Speaking of "academic" publishing and peer review, have you heard of open peer review? Take a look at this example from Kathleen Fitzpatrick and her recent publication, Planned Obsolescence: Publishing, Technology, and the Future of the Academy: http://mediacommons.futureofthebook.org/mcpress/plannedobsolescence/


    One of the bloggers (Noah Wardrip Fruin) at Grand Text Auto wrote a book and encouraged blog readers to publicly comment on his "experiment." Take a look at this blog-based peer review: http://grandtextauto.org/2008/01/22/expressive-processing-an-experiment-in-blog-based-peer-review/.

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  4. About transliteracy – McLuhan also pointed out, as Jess does in the seed questions, “old media rarely die,” or in McLuhan’s terms, that new media always carry the old media with them.

    What is different is that nobody can really see the whole picture (from the Transliteracy Research Group blog),

    “In my view, transliteracy is a bit like the story about the blind men and the elephant, where the elephant = massive changes to the way we understand the dynamics of communication media. Everyone encounters individual aspects of the beast and applies their own meaning, whether the topic is talking face-to-face, on TV, on Skype on your iPhone, or via an aboriginal campfire story.” (http://nlabnetworks.typepad.com/transliteracy/).

    This made me think about the other thing McLuhan says – about how the speed of newer forms of media creates a blur – and people stop seeing the particular, and see only patterns. As part of this blur – and in keeping with the McLuhanesque vein, Manovich also says that with the speed of adoption – comes invisibility (p. 13), and unconscious media effects. Jenkins speaks to this point by noting it’s important to “understand the underlying logic shaping our current moment of media in transition.”

    There is obviously a paradox here – perception and pattern recognition, but then there’s also the opportunity to more fully experience the parts you can ‘feel ‘. Jenkins calls the new economy the attention economy of the internet .

    The picture isn’t all utopian obviously - some people have greater literacy and greater access - can feel more parts of the elephant than others. And the dangers of creating further divides (as Haraway discusses) - asks for easy interaction and broad access.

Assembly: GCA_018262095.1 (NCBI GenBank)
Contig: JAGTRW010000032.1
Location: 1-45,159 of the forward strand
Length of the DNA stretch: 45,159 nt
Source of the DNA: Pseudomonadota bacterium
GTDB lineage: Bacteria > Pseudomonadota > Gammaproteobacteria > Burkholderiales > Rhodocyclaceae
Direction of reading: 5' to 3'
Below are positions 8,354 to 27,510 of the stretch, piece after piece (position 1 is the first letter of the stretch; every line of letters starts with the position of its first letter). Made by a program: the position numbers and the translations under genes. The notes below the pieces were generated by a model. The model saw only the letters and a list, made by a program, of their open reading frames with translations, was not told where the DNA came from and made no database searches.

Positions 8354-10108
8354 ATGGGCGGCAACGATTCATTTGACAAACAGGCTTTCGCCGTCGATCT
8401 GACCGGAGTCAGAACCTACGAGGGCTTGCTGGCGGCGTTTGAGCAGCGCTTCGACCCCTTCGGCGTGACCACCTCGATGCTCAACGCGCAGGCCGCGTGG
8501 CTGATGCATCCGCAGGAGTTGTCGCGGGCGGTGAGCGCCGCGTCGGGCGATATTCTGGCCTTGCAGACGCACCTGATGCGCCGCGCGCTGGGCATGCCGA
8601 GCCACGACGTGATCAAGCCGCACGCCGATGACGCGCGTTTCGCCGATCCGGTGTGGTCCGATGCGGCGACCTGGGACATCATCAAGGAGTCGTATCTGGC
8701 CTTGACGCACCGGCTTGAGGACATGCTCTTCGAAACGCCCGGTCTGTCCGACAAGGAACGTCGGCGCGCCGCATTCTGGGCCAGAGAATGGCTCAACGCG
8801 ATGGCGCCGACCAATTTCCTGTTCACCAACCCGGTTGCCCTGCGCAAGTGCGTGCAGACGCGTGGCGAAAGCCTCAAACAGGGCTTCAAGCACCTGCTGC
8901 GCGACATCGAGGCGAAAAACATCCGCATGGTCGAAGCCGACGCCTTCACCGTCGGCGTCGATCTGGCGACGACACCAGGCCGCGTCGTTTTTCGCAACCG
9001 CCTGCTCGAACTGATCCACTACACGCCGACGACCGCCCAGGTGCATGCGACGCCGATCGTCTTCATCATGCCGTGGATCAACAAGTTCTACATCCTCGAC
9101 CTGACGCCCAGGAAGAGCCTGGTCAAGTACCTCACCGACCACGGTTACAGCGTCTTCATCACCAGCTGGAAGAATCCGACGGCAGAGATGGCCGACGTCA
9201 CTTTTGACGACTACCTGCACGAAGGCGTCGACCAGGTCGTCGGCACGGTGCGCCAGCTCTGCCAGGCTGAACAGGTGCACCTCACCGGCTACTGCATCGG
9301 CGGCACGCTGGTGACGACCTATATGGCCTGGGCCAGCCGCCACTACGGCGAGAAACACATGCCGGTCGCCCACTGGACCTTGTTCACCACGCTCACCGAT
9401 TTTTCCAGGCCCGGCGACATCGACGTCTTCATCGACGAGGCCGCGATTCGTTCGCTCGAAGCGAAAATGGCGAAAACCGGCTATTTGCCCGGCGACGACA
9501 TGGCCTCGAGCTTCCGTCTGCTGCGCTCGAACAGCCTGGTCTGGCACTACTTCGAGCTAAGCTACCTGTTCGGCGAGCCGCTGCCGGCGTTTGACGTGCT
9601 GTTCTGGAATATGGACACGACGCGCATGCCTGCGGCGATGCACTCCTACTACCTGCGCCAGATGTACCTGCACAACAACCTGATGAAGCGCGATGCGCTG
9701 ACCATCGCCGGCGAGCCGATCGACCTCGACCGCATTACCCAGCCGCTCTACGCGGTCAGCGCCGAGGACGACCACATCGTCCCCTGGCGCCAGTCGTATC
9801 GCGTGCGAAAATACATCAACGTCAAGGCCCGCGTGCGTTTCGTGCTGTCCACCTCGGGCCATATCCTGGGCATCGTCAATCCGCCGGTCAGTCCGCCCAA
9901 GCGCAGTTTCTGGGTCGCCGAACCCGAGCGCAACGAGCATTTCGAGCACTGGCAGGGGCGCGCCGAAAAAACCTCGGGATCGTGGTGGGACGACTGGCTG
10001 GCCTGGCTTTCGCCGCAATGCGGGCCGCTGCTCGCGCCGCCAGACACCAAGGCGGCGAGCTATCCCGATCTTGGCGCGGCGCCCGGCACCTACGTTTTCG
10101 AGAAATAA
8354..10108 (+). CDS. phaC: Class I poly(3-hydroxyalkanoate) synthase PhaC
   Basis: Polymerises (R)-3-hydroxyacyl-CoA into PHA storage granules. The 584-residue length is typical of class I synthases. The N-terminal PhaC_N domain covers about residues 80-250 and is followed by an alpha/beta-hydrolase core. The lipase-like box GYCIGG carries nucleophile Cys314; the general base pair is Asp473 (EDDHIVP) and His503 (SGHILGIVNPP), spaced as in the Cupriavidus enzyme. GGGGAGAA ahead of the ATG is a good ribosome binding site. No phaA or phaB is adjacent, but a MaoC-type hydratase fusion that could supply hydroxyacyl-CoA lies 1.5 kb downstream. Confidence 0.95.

So what is the quality of the experience? As a lit major – and with an ongoing interest in narrative and communication, I was really interested in Jess’s question about how this interaction differs “vis-à-vis narrative”. Plot becomes meaningless – the story is a work in progress, or as Jess also pointed out in quoting Marie-Laure Ryan, “becoming a character in a story is the ultimate narrative experience.” I guess ‘becoming’ is the key word here.

    I was also intrigued by Wesch’s youtube video where he articulates the impact of separating form and content which disables control, especially in the context of Jenkins’ point about “convergence being shaped top-down by the decisions being made by massive media conglomerates who have controlling interest across all possible media systems and who enjoy the power to insure that their content circulates globally.”

    There is big tension here – because he also goes on to talk about the bottom up effect – and I was reminded of our first spring institute when we saw the NFB documentary, RIP: A remix manifesto (http://films.nfb.ca/rip-a-remix-manifesto/) that follows the story of how this is effecting the music industry.

    Henry Jenkins, “Eight Traits of the New Media Landscape”
    Lev Manovich, “New Media from Borges to HTML,”
    Henry Jenkins, “Eight Traits of the New Media Landscape”
    Michael Wesch, “A Vision of Students Today,”
    Donna Haraway, “A Cyborg Manifesto”

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  5. I agree that "old media rarely die". In the New Media from Borges to HTML article, Lev Manovich writes, "Some authors have suggested that every modern media and telecommunication technology passes through its "new media stage". Television, photography and telephones were once "new media". These mediums are considered old media but they continue to deliver messages. It is important to remember that these mediums are still important and effective mediums. McLuhan is referring to this in his comment of that new media always carry the old media with them. One day the web/internet will be considered "old media" but it will still be important and an effective medium.
    Lev Manovich, “New Media from Borges to HTML,”.